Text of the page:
The first Ford Explorer helped introduce America to the SUV as a family car. In 1991, that still meant an off-road-focused vehicle, just one with more creature comforts than its competitors. But the Explorer faded out of relevance with the advent of more economical, better-driving car-based crossovers like the Honda Pilot and Toyota Highlander. Ford finally responded in 2013 by turning the Explorer into a crossover, too — and it became a best-seller again.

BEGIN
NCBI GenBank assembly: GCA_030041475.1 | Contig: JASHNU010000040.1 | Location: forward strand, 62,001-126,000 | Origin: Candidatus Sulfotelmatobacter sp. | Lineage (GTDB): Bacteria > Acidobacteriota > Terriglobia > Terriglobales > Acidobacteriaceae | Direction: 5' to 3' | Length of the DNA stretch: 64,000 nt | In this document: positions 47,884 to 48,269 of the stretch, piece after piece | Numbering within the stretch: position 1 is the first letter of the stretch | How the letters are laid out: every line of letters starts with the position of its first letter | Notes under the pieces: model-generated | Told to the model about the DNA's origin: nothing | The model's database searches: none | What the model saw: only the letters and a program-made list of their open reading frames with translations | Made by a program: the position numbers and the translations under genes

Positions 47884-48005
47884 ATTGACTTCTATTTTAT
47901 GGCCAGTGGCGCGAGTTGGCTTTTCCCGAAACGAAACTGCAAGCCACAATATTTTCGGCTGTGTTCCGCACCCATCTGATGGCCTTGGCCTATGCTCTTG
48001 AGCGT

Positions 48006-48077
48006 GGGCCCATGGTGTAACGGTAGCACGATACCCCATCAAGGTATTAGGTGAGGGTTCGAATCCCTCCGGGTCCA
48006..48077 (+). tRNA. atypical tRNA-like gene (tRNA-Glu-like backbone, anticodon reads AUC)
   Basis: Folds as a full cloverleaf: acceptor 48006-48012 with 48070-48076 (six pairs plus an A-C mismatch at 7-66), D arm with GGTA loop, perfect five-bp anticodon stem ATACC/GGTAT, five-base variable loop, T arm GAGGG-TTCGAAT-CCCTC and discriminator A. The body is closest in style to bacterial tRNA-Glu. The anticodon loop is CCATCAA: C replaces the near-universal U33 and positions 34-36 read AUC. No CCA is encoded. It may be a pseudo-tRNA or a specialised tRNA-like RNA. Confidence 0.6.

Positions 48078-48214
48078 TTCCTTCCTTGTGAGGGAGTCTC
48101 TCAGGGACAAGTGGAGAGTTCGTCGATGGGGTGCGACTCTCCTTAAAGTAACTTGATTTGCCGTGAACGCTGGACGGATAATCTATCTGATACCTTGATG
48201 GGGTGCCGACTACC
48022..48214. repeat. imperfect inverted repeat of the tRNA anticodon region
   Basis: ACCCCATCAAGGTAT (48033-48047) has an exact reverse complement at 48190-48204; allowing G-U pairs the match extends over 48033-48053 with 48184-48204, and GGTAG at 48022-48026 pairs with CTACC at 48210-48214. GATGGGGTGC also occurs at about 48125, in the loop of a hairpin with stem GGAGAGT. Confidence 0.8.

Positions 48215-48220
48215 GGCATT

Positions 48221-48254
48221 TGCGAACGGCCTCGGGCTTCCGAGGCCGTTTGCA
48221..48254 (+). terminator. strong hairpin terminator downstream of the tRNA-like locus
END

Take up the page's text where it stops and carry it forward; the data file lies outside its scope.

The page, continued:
Today, the Explorer is in its second generation as a mid-size three-row crossover. With its rear-wheel-drive-based platform and extra-powerful engines, it stakes out a middle ground between a traditional SUV and an extra-light-duty crossover. Prices start at $33,100. Read on to learn more about the Explorer’s pros and cons and how it stacks up to a host of strong competitors.